Arnold Schoenberg's Journey by Allen Shawn

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A composer's study and celebration of a difficult but influential artist, his work, and his time

Proposing that Arnold Schoenberg (1874-1951) has been more discussed than heard, more tolerated than loved, composer Allen Shawn puts aside ultimate judgments about Schoenberg's place in musical history to explore the composer's fascinating world in a series of "linked essays--soundings" that are more searching than analytical, more suggestive than definitive. In an approach that is unusual for a book of an avowedly introductory character, the text plunges into the details of some of Schoenberg works, while at the same time providing a broad overview of his involvements in music, painting and the history through which he lived. Emphasizing music as an expressive art of rhythms and tones, Shawn approaches Schoenberg primarily from the listener's point of view, uncovering both the seeds of his radicalism in his early music and the traditional bases of his later work. Although liberally sprinkled with musical examples, the text can be read without them. By turns witty, personal, opinionated and instructive, "Arnold Schoenberg's Journey" is above all an appreciation of a great musical and artistic imagination in a time unlike any other.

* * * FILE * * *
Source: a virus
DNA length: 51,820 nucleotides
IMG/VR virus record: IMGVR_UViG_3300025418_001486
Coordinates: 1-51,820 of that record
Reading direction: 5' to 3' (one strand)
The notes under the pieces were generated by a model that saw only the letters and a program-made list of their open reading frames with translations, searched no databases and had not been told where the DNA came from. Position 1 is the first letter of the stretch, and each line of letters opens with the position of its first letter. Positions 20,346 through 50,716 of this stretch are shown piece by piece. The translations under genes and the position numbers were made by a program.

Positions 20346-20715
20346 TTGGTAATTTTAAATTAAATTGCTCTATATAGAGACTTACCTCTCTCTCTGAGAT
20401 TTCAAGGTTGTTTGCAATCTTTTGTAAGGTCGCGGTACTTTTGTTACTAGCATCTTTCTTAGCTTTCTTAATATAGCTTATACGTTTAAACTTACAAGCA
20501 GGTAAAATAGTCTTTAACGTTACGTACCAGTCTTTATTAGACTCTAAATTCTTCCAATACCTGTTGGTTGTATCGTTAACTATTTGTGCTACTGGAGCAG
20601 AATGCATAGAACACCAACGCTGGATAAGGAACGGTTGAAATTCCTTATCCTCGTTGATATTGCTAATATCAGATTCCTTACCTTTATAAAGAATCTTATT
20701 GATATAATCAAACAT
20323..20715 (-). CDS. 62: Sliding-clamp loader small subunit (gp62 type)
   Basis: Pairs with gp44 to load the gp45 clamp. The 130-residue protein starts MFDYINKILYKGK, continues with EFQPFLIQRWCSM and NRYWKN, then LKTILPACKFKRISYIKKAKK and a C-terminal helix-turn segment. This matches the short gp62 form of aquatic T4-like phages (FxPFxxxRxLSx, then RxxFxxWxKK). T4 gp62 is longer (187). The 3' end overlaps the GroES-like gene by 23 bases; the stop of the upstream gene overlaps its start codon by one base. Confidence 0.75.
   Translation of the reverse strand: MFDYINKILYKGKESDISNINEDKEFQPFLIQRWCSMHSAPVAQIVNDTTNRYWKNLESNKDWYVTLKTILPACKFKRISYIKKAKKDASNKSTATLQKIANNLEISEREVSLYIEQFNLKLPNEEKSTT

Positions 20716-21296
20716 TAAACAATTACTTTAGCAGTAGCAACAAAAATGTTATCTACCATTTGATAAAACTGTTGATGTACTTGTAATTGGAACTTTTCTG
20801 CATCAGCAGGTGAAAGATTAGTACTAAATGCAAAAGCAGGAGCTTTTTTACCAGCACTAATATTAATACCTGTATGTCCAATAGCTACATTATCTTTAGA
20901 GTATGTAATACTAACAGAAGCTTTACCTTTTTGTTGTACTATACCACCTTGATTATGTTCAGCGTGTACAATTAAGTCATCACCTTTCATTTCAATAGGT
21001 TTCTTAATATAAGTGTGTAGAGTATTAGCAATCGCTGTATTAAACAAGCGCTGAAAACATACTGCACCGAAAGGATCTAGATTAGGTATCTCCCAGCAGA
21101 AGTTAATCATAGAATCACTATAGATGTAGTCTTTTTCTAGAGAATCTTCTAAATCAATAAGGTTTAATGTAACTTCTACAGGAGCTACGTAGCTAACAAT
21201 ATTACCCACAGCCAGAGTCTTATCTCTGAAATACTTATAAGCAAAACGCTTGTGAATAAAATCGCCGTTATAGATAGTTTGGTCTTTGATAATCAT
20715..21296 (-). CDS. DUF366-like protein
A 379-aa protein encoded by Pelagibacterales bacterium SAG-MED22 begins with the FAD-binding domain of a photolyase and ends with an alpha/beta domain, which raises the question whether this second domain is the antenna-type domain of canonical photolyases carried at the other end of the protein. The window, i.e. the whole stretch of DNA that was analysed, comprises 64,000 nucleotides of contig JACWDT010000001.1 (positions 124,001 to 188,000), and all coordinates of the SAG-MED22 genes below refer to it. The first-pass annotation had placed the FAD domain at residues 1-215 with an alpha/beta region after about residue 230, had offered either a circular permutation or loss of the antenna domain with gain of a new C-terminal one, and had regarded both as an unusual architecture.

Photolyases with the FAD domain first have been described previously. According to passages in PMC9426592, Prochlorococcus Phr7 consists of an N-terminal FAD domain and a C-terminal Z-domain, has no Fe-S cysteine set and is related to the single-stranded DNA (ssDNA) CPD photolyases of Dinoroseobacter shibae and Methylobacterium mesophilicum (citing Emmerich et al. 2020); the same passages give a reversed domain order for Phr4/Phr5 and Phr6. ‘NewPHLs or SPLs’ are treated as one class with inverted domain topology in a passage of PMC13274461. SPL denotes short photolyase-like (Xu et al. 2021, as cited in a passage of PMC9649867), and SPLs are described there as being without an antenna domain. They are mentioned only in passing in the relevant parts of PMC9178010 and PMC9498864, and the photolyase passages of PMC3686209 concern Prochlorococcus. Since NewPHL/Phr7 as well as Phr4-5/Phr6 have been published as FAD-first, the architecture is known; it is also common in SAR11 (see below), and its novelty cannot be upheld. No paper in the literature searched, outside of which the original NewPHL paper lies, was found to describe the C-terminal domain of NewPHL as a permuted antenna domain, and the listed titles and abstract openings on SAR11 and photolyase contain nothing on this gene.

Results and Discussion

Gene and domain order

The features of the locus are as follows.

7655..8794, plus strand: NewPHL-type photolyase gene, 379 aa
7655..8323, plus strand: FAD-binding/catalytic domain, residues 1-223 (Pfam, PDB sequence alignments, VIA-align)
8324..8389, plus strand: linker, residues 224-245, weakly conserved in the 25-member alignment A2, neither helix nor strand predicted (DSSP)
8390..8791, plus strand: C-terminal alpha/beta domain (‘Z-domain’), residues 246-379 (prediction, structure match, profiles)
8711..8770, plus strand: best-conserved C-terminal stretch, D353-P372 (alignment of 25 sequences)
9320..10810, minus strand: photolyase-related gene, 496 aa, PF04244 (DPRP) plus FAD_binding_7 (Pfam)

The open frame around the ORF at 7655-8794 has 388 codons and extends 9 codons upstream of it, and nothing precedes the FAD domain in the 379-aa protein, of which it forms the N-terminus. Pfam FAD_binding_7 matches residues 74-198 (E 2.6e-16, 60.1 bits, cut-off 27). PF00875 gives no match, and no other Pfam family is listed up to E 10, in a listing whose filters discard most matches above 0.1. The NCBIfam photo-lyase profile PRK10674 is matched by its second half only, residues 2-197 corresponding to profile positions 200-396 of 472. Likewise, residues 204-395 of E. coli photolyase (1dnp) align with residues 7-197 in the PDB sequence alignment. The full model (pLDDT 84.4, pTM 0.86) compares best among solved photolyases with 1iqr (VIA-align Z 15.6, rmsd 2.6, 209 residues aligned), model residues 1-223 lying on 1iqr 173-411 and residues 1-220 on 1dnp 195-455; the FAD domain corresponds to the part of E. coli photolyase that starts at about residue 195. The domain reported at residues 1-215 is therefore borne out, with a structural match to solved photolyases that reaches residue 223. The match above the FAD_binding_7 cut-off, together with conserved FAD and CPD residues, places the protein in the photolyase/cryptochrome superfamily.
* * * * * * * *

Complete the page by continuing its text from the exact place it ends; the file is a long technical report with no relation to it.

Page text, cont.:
About Allen Shawn

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Allen Shawn grew up in New York City and currently lives in Vermont, where he is on the faculty of Bennington College. He started composing music at the age of ten, and has produced a large catalogue of orchestral, chamber, and piano works, as well as music for ballet, theater, and film. He performs frequently as a pianist, and he has contributed articles to The Atlantic Monthly. He is the father of Annie and Harold Shawn.
Published February 7, 2002 by Farrar, Straus and Giroux. 272 pages
Genres: Education & Reference, Arts & Photography, Biographies & Memoirs, Humor & Entertainment. Non-fiction

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Kirkus Reviews

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Shawn occasionally lapses into jargon, as when he writes that Schoenberg’s essays into cabaret music “ironize the irony of the idiom they imitate, and as everybody knows, two ironies make a truth.” Witty indeed, however, is the chapter entitled “On Being Short,” which hypothesizes that the artist...

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Publishers Weekly

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There is not much that is reader friendly written about the great serialist composer—just as many music lovers would argue that most of his music is not listener friendly.

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Project MUSE

(Nor has the general public been entertained by any literature concerning Schoenberg comparable to the many volumes about Igor Stravinsky written by the composer with Robert Craft.) Arnold Schoenberg's Journey does not dwell on the procedures of the twelve-tone system, although it provides a clea...

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